The Physical Processes that Drive Galaxy Evolution - from Massive Galaxies to the Dwarf Regime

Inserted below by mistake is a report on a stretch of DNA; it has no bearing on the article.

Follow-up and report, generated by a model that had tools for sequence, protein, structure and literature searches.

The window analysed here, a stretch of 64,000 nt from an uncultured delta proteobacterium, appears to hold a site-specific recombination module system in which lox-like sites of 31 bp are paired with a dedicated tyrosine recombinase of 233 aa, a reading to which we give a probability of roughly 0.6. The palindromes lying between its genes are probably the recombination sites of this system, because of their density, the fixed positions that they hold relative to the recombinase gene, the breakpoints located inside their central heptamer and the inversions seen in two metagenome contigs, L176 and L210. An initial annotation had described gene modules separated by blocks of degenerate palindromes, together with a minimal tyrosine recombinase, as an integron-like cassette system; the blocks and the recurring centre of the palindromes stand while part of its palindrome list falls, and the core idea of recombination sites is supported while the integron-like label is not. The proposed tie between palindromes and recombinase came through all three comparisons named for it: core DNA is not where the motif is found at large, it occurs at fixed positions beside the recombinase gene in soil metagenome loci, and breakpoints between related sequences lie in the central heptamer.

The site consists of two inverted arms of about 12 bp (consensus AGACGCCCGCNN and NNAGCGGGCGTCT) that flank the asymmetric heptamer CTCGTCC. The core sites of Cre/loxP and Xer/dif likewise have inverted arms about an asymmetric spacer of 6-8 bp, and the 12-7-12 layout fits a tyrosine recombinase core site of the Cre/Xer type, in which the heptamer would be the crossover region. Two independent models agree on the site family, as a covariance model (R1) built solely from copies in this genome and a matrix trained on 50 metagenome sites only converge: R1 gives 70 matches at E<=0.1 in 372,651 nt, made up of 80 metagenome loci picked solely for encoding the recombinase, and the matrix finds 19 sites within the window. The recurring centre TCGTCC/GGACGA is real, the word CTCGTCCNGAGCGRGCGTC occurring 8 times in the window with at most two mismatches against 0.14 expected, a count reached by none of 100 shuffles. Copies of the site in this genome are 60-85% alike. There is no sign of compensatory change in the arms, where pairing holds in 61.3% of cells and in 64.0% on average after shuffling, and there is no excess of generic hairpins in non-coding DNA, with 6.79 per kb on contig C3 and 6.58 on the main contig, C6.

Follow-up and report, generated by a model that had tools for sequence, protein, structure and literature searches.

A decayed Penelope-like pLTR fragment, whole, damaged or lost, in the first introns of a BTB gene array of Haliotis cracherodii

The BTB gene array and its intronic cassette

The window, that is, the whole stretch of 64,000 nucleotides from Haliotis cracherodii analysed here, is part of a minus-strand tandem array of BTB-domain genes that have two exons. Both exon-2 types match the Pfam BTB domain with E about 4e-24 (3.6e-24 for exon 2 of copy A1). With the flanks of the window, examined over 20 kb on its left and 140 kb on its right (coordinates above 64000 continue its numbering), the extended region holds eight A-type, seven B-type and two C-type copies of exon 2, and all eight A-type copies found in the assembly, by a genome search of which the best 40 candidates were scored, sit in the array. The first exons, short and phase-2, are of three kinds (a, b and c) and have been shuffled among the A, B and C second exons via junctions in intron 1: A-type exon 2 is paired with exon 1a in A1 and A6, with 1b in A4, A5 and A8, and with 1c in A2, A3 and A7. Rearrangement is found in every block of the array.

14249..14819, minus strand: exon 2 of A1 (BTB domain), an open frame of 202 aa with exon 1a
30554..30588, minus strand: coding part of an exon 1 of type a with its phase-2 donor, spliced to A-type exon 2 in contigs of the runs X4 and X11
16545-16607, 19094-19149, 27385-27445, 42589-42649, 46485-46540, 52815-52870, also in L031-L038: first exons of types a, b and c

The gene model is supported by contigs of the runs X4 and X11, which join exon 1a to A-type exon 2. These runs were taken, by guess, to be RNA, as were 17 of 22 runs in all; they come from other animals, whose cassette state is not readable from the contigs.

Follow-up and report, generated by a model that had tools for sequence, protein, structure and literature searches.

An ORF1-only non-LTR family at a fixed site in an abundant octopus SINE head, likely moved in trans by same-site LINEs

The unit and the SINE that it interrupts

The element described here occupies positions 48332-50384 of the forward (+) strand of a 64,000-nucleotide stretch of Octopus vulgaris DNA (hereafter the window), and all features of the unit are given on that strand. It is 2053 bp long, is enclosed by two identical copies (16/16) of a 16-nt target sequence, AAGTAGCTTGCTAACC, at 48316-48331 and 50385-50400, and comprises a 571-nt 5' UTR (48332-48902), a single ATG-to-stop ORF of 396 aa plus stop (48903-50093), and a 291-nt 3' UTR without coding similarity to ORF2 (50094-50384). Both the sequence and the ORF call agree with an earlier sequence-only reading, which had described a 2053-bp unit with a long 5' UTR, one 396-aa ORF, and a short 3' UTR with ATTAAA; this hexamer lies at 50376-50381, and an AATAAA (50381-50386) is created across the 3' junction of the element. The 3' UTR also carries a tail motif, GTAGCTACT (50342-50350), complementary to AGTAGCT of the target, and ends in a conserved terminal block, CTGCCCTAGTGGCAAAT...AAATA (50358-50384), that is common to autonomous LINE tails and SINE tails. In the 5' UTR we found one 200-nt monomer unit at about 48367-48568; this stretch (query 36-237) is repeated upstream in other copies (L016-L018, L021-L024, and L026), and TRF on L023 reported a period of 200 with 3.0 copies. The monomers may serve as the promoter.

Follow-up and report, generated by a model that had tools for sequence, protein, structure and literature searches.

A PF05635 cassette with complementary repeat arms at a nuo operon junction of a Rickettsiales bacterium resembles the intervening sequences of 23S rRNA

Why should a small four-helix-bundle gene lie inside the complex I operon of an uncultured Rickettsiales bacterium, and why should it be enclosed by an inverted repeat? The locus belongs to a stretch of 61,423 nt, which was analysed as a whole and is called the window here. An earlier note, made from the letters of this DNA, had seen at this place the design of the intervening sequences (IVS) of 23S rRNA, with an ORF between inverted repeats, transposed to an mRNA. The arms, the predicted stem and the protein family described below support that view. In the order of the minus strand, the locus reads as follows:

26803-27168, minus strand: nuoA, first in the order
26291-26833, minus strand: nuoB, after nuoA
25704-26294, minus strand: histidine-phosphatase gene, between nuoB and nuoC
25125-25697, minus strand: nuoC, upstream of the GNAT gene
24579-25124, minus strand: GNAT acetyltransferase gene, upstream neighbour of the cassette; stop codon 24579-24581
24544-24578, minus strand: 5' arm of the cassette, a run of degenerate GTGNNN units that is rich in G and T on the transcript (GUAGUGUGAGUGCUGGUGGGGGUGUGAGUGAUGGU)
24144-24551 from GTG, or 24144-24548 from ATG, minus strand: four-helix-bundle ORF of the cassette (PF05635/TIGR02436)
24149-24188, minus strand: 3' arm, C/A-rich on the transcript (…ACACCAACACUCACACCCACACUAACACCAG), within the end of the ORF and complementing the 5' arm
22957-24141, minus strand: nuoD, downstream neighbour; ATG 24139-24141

The study of galaxy formation and evolution is a cornerstone in astrophysics, as galaxies connect together all scales of the Universe. The physical processes that govern galaxies therefore needs to be fully understood if we are to understand how our Universe works. The various morphologies of galaxies we see today indicate that there are multiple processes at play, that act both on and within galaxies. In our currently accepted paradigm, galaxies are expected to assemble mass through merging and gas accretion, therefore these are critical processes that must be understood across the range of galaxy masses. We can now combine observational data from wide-are surveys with state of the art cosmological simulations to study how these processes drive galaxy evolution across cosmic time. In this thesis we have used cosmological simulations (Horizon-AGN and NewHorizon) to study how physical processes shape galaxies. Firstly, we explore an unusual population of extremely massive (M∗ >1011M0) spheroids, in the Horizon-AGN simulation, which exhibit anomalously low ex-situ mass fractions. This indicates that they form without recourse to significant merging, contrary to the common belief. These systems form in a single minor-merger event (with typical merger mass ratios of 0.11 - 0.33), where the satellite orbit is virtually co-planar with the disc of the massive galaxy. The merger triggers a catastrophic change in morphology, over only a few hundred Myrs, coupled with strong in-situ star formation. While this channel produces a minority (∼5 per cent) of such galaxies, our study demonstrates that the formation of at least some of the most massive spheroids need not involve major mergers - or any significant merging at all - contrary to what is classically believed. We also look at how extremely massive disc galaxies form in both simulations and in the nearby Universe. We show that extremely massive (M∗ > 1011.4 M0) discs are created via two channels. In the primary channel (accounting for 70% of these systems and 8% of massive galaxies) the most recent, significant merger (mass ratio > 1:10) between a massive spheroid and a gas-rich satellite ‘spins up’ the spheroid by creating a new rotational stellar component, leaving a massive disc as the remnant. In the secondary channel (accounting for 30% of these systems and 3% of massive galaxies), a system maintains a disc throughout its lifetime, due to an anomalously quiet merger history. These massive discs have similar black-hole masses and accretion rates to massive spheroids, providing a natural explanation for why some powerful AGN are surprisingly found in disc galaxies. In an observational follow-up we use UV-optical and HI data of massive galaxies, from the SDSS, GALEX, DECaLS and ALFALFA surveys to test the predictions from Horizon-AGN. Observed massive discs form ∼13 per cent of the population, in good agreement with the simulation (∼11 per cent). ∼64 per cent of massive discs exhibit tidal features indicative of recent minor mergers in the deep DECaLS images. The incidence of these features is at least four times higher than in low-mass discs, indicating that minor mergers play a significant role in the formation of these systems. The empirical star-formation rates agree well with Horizon-AGN’s predictions and, for a small galaxy sample with HI detections, the HI masses/fractions are consistent with the range predicted. The good agreement between theory and observations indicates that extremely massive discs are indeed remnants of recent minor mergers between spheroids and gas-rich satellites. We also look into the origins of dwarf low surface brightness galaxies (LSBGs), which are expected to dominate the galaxy number density. Using NewHorizon, a high-resolution cosmo- logical simulation, we study the origin of LSBGs and explain why, at similar stellar mass, they exhibit a large observed spread in surface brightness. NewHorizon galaxies populate a well- defined locus in the surface brightness - stellar mass plane, with a spread of ∼3 mag arcsec−2, in agreement with deep SDSS Stripe data. We find that galaxies with fainter surface brightnesses today are born in regions of higher dark-matter density. This results in faster gas accretion and more intense star formation at early epochs. The stronger resultant supernova feedback flattens gas profiles at a faster rate which, in turn, creates shallower stellar profiles (i.e. more diffuse systems) more rapidly. A small minority of dwarfs depart from the main locus towards high surface brightnesses, making them detectable in past wide surveys (e.g. standard-depth SDSS images). These systems have anomalously high star-formation rates, triggered by recent, fly-by or merger-driven starbursts. We note that objects considered extreme/anomalous at the depth of current datasets, e.g. ‘ultra-diffuse galaxies’, actually dominate the predicted dwarf population and will be routinely visible in future surveys like LSST. Finally, we look at a population of galaxies that go against our current theoretical paradigm. Recent observations have found local dwarfs with extremely low dark matter content, potentially bringing the validity of the standard model into question. We use NewHorizon to demonstrate that sustained stripping of dark matter, in tidal interactions between a massive galaxy and a dwarf satellite, naturally produces dwarfs that are dark-matter-deficient. The degree of stripping is driven by the closeness of the orbit of the dwarf around its massive companion, and produces dwarfs with halo-to-stellar mass ratios consistent with the findings of recent observational studies. ∼30 per cent of dwarfs show some deviation from normal dark matter fractions due to dark matter stripping, with 10 per cent showing high levels of dark matter deficiency (Mhalo/M*<10). The creation of these galaxies is, therefore, a natural by-product of galaxy evolution and their existence is not in tension with the standard paradigm. This thesis examines galaxy populations that appear to go against the currently accepted paradigm, in both the massive and dwarf galaxy regime. We show that galaxy evolution is a very complicated problem and that it is possible to form different galaxy populations through many processes. By using a cosmological simulation based on ACDM we also show that the existence of these populations do not pose a challenge to this model and are, in fact, readily explained by it.